Druid Thoughts: Monarchy and the Druid

Druid Thoughts: Monarchy and the Druid July 31, 2013

We have a new heir to the throne of England, and no doubt a shocking amount of media hype and obsession will follow. Once upon a time, as Pagans tend to know, being the ruler meant having a relationship with the land (let’s not get into that stuff with the white horse, though). Although The Golden Bough is shaky as anthropology, it does convey pretty clearly that in cultures around the world and across time, monarchy and the land have been connected.

For a good thousand years and more, monarchy in Europe has had far more to do with war leaders. Raise an army, win a fight, claim a bit of turf. We’ve fought over English soil so many times. There’s only one official civil war on the books – that bit with the roundheads and cavaliers. However, the Wars of the Roses and the spat between Stephen and Matilda gave us long years of fighting. Alongside that, we’ve been (at different times) a Protestant state killing off its Catholics and a Catholic state killing off its Protestants, but that doesn’t get classified as war, even though it can be just as bloody. We’ve persecuted our Pagans, our Jews, our gays. Somewhere along the way we collectively forgot that ownership of the land is different from stewardship of the land. We forgot that buying power with blood often means the crops rotting in the fields and people going hungry.

The modern monarchy doesn’t use much of the influence remaining to it. I suspect it wouldn’t last long if the royals attempted to use the powers that are technically still theirs. They don’t own the country in any way their forebears would have recognized. Still, they do get a lot of money out of the peasants. As a peasant, I’m not terribly keen about this. Prince Charles makes the occasional eco-friendly noise, he does seem to have some vague awareness that the land could use looking after, but he wriggles out of tax payments, and I’m prepared to bet his carbon footprint is a large one.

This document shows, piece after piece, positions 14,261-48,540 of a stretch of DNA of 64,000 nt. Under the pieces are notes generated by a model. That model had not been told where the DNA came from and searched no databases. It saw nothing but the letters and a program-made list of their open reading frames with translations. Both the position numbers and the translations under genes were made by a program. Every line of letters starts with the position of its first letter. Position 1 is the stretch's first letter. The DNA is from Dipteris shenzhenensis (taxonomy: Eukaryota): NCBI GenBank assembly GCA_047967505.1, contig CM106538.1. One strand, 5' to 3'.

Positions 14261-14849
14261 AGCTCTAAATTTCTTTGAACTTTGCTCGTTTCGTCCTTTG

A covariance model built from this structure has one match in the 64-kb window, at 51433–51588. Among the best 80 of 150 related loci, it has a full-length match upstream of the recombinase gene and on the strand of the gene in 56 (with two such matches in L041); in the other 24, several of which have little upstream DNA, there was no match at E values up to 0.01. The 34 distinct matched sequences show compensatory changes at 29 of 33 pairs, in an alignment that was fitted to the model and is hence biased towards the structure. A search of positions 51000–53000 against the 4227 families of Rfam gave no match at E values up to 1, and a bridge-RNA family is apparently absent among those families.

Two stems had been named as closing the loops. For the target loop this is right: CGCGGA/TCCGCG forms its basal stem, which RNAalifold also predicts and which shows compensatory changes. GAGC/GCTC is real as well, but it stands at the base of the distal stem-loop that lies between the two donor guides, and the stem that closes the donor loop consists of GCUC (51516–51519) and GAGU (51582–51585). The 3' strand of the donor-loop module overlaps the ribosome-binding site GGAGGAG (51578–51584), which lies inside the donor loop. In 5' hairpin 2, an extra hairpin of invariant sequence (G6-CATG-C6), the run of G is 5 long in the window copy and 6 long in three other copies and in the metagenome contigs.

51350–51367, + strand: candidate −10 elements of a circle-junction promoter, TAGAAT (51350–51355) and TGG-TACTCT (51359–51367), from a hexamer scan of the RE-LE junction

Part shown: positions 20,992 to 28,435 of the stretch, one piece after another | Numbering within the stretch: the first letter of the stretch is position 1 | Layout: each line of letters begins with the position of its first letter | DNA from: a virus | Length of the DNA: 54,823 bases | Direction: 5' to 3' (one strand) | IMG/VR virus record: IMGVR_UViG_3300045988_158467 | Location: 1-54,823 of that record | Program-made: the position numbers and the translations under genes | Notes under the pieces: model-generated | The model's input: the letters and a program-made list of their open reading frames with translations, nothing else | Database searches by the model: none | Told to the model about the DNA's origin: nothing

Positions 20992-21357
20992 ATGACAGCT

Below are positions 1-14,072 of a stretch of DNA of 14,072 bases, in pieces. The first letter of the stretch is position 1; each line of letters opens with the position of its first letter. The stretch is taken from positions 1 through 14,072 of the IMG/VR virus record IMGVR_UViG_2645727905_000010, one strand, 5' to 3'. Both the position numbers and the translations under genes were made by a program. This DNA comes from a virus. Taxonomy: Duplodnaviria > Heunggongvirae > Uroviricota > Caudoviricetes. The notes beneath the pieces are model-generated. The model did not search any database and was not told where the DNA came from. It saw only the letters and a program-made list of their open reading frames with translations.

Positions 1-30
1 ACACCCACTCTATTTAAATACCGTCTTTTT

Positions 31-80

What would happen if our rulers came to the job with more of a desire to serve than a desire to be important? What would happen if we had a monarchy that saw caring for the land as more important than displays of wealth? How many homeless people could be sheltered and fed if the royals opened their doors and took them in? How much landscape could that wealth preserve? How much good could they do, if they wanted?

I also wonder what it would be like to have a leadership we could take pride in. Many of us expect our politicians to be self-serving, unreasonable, short termist, and under the thumb of big business. What would it be like to be led, or for that matter ruled, by someone who genuinely put the good of all, and the good of the land at the top of the agenda? Not seeing nature as a bit of green-washing and pretty scenery. Not giving a nod to eco-issues with no intention of acting on them, but a real determination to look after the one planet we have, giving everyone a fair share of the available resources, keeping the air clean, the water safe, giving dignity to all human life and protection to wildlife.

Yeah, I’m an idealist and a dreamer. But I’m tired of being told that there is only one way, and that way is to rip everything to shreds for the sake of a fast buck and the wealth of a tiny minority. So, you future rulers of England, I wish you well, but I also wish you integrity, and I wish you to be sovereigns in the old sense, and married to the land.

Druid Thoughts is published on occasional Wednesdays on Agora. Follow it via RSS or e-mail!

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